Difficult situations are often seen as an obstacle in the way of our goals, but this does not always have to be the case. Instead of asking ourselves â€śwhy me?,â€ť we can ask ourselves â€śhow can this situation help me grow as a person?â€ť or â€śhow can this situation help me find the emotional tools that I need to face challenging situations in the future?â€ť After facing difficulties, we often come out of them learning important bits of information about ourselves. In addition to adding a difficult situation to our â€ślist of experiencesâ€ť, we tend to learn vital characteristics, such as patience, gratitude, and self-control.
Patience prepares us for future challenges by helping us believe that difficulties will pass with time. A phrase that is often used is â€śjust be patientâ€ť. My personal experiences have shown me that with patience in our hearts, difficult situations that were unthinkable start to feel somewhat bearable.
Gratitude is the appreciation of what we have. Gratitude is in our nature, but it often takes a difficult situation (or several difficult situations) to help us appreciate what we had before the difficulty and what we have after the difficulty has passed. I am not saying that we cannot appreciate what we have without being faced with difficult situations; rather, these difficult situations often serve as an eye-opener that directs our attention to the positive aspects of our lives.
Last but not least, self-control is the ability to control yourself across situations, especially difficult ones. After experiencing a difficult situation, we can sit with ourselves and think about what we did and what we thought about in that difficult situation. After this, it becomes easier for us to hold on to our actions that served us well and got us through the situation, and drop our actions that did not serve us well. This might help us feel more equipped to face future difficulties with more self-confidence. As a result, the lessons learned from our difficulties tend to build up and strengthen our character.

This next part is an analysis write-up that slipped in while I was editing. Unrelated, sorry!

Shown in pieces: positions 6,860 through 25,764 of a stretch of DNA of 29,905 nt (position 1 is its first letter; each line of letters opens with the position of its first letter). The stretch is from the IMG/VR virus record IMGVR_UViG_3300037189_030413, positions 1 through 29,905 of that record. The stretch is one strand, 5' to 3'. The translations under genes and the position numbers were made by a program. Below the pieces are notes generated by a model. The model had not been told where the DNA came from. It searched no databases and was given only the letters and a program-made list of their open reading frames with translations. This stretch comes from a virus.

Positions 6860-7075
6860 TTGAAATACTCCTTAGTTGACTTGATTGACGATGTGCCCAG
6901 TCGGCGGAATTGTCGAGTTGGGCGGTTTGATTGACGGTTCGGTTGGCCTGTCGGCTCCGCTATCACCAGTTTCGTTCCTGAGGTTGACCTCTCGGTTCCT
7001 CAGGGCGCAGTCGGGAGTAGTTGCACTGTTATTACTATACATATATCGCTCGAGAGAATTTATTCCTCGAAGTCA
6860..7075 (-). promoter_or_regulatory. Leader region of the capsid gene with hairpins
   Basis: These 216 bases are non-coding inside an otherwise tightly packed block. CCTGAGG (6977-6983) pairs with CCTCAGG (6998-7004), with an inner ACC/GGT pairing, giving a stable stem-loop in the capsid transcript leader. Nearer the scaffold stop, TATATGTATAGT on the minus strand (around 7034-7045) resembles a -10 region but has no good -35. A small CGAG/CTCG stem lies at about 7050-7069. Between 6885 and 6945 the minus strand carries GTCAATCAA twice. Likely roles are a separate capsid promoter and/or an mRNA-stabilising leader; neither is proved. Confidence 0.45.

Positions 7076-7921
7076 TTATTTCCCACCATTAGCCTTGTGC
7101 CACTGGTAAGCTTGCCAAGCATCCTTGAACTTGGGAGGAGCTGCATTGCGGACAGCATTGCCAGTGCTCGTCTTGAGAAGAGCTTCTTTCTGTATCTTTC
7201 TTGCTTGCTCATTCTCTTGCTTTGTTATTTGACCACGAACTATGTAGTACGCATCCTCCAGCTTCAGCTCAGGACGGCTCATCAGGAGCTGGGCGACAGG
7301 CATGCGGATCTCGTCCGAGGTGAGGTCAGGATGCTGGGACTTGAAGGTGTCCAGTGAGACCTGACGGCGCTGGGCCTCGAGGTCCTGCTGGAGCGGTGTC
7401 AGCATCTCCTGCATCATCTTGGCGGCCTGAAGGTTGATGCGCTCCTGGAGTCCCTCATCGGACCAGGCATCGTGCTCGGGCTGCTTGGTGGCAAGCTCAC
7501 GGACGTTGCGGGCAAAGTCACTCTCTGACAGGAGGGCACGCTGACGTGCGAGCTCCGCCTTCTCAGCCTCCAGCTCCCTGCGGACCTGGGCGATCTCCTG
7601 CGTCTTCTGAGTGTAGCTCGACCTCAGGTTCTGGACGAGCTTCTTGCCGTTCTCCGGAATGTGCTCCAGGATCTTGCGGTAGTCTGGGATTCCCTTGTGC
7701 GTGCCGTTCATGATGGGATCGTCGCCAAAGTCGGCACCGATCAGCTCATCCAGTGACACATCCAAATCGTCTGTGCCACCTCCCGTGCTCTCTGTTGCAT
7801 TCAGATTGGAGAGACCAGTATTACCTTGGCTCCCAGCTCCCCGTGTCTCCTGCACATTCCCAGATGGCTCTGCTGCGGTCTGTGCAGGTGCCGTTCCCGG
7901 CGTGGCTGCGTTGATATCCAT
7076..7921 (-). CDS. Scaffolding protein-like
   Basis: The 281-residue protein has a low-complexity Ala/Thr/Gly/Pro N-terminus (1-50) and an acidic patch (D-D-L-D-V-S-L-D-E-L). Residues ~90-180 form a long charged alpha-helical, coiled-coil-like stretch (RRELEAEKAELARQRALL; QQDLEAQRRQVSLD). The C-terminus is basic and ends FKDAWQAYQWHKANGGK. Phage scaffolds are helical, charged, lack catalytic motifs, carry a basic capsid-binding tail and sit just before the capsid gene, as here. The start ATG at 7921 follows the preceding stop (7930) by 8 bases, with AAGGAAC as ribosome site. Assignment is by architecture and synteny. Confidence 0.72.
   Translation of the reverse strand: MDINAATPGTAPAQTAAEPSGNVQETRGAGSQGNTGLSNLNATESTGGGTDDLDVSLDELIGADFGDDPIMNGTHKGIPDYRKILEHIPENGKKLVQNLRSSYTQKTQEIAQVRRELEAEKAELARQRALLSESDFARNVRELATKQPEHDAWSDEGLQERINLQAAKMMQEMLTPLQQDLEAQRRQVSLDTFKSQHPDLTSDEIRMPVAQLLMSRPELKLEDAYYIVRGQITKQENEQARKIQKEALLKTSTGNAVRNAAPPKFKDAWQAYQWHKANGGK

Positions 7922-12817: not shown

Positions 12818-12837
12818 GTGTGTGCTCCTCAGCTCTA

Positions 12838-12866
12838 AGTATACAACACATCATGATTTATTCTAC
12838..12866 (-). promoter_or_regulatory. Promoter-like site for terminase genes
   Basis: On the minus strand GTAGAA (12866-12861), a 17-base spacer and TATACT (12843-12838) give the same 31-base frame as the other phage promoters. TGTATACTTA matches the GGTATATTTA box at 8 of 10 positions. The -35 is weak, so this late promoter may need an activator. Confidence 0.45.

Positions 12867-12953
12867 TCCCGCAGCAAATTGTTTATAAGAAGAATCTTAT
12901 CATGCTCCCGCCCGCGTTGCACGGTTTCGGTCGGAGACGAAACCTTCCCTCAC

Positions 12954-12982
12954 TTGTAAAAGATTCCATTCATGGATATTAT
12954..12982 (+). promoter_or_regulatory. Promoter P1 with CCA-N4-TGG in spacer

It is important to always remember that difficult situations are not for feeling sorry for ourselves, but for discovering aspects of ourselves that help us face future challenges, because we can.
By: Ghinwa El-Ariss
Ghinwa El-Ariss holds an Honors Bachelor of Science Degree in Psychology and Environmental Studies from the University of Toronto. She will be pursuing her Master of Science degree in Psychology at Trent University starting September 2017. She is passionate about Psychology and the Environment. She hopes that her blog posts help you learn a bit about her and her take on certain things. Most importantly, she hopes that you enjoyed what you read!